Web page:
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Gen. James L. Jones, supreme allied commander of NATO, meets with Afghanistan's President Hamid Karzai.
Gen. James L. Jones, supreme allied commander of NATO, meets with Afghanistan's President Hamid Karzai. (Ward Sanderson / S&S)
Gen. James L. Jones, supreme allied commander of NATO, meets with Afghanistan's President Hamid Karzai.
Gen. James L. Jones, supreme allied commander of NATO, meets with Afghanistan's President Hamid Karzai. (Ward Sanderson / S&S)
Gen. James L. Jones, supreme allied commander of NATO military forces, right, inspects French troops at Kabul International Airport.
Gen. James L. Jones, supreme allied commander of NATO military forces, right, inspects French troops at Kabul International Airport. (Ward Sanderson / S&S)
Gen. James L. Jones, second from left, discusses NATO troop increases with Afghan and international officials.
Gen. James L. Jones, second from left, discusses NATO troop increases with Afghan and international officials. (Ward Sanderson / S&S)

KABUL, Afghanistan — Gen. James L. Jones, supreme allied commander of NATO, toured Kabul and beyond Friday and Saturday in a flurry of briefings in advance of the alliance summit this week in Istanbul, Turkey.

Afghanistan and Iraq will figure high on the agenda. Some analysts have said NATO could up its presence in Afghanistan as a means of helping the United States in Iraq without actually going to Iraq.

Whatever the case, Jones hopes Afghanistan — NATO’s first foray outside Europe — isn’t forgotten. The mission still faces building a new army, rocket attacks and the prickly realities of warlords and drugs.

Jones came away from Kabul with two impressions confirmed: Despite troubles, Afghanistan is better than its rap; and that for NATO to fulfill its lofty hopes of reforming the former militant theocracy, member states will have to spend money.

“It’s a little bit like a lottery,” Jones said of the summit. “I’m anxious to see.”

Jones has big hopes, and would like to see expansion in as little as 30 days — provided world leaders will sign the check this week supporting:

• Some 2,000 more troops — among them light “expeditionary forces” — in addition to the 6,500 troops now participating in the International Security Assistance Force.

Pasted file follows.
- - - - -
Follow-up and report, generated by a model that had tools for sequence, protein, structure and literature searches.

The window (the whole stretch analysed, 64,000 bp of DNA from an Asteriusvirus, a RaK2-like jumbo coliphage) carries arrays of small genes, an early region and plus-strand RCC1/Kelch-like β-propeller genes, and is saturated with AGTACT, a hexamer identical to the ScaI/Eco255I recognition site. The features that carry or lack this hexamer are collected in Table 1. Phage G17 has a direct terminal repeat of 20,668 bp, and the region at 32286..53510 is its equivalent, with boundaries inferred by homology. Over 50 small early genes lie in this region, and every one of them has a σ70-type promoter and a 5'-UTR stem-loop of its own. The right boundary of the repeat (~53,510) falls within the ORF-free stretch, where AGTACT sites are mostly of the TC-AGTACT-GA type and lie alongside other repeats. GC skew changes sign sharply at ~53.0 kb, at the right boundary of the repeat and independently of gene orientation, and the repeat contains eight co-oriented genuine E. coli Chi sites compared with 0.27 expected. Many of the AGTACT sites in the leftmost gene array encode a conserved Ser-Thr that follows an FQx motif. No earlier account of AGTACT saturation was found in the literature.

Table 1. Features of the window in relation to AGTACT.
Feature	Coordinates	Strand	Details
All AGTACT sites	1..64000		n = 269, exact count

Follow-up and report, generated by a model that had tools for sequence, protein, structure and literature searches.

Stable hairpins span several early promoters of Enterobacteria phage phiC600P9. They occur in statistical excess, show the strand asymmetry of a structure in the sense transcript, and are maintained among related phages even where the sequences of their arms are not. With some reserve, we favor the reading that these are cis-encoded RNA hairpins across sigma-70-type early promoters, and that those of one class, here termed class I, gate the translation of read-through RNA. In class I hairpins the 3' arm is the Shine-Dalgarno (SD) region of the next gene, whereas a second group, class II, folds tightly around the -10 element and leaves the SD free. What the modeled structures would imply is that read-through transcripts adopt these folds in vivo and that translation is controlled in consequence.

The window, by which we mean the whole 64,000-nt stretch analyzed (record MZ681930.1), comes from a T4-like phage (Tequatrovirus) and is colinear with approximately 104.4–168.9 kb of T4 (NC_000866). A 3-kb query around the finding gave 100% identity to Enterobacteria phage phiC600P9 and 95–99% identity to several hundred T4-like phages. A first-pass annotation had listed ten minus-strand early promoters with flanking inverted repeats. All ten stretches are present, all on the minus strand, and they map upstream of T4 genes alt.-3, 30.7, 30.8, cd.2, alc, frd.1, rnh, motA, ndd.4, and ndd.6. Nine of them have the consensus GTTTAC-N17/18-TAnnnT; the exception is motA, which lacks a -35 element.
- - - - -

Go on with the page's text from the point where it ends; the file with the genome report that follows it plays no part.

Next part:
• More provincial reconstruction teams, or PRTs, to help with infrastructure and social programs. NATO now runs one in Konduz and plans five more to augment the 13 established by the United States and its coalition.

• Quick response forces to guard these new PRTs.

• More aircraft, particularly C-130s for transport.

• Medical facilities, including a triage unit.

• New intelligence, surveillance and reconnaissance capabilities.

The alliance plans to expand into the great Afghan expanse in a counterclockwise sweep. Now, it is active mainly in the capital, leaving much of the remote reconstruction to the United States’ Operation Enduring Freedom. Reconstruction is where NATO could help, leaving the Americans to hunt Osama bin Laden and the Taliban.

“The problem for NATO is that Operation Enduring Freedom is more of a combat mission,” Jones said. “… NATO is more likely to adopt peacekeeping and reconstruction roles.”

Nonetheless, the insurgents remain a threat to NATO, said Canadian Lt. Col. Kent Davis, the security assistance force’s deputy operations and planning officer. “We face an almost constant threat of rocket attack,” he said.

To bring the place under control, NATO is striving to tame 100,000 former muhajadeen who make up the Afghan Militia Forces. NATO would like to see the fighters, mostly former Northern Alliance members who fought the Taliban, retire to civilian life and be replaced by the budding Afghan National Army.

It’s a tough job. The old muhajadeen know nothing but guns, and the new Afghan troops are innately fearless, but often undisciplined.

“Fighting is not the problem,” Jones said. “Making them into good soldiers is the problem.”

All these tasks, officials here said, means more help is needed from NATO, and by this summer.

“While there is the good spirit to support Afghanistan, the time is now,” said Abdullah Abdullah, Afghanistan's foreign minister.

“For us, the summer is the last chance,” said Jean Arnault, the U.N. envoy to Afghanistan, referencing the country’s elections in September. “We need the security that NATO would provide.”

Jones is optimistic.

“I came away with the idea that Afghanistan is a better story than most people realize,” he said. “The Taliban and al-Qaida are definitely being dealt with. Most problems now are problems of governance.”

But he’s still a realist. Afghanistan is still a wild place. Europe’s NATO members have 2.4 million troops. Getting more of them would be Jones’ summit jackpot.

“NATO can do what it wishes to do if it’s willing to provide the resources,” Jones said.

“... It’s still too close to the bad old days, if you will.”

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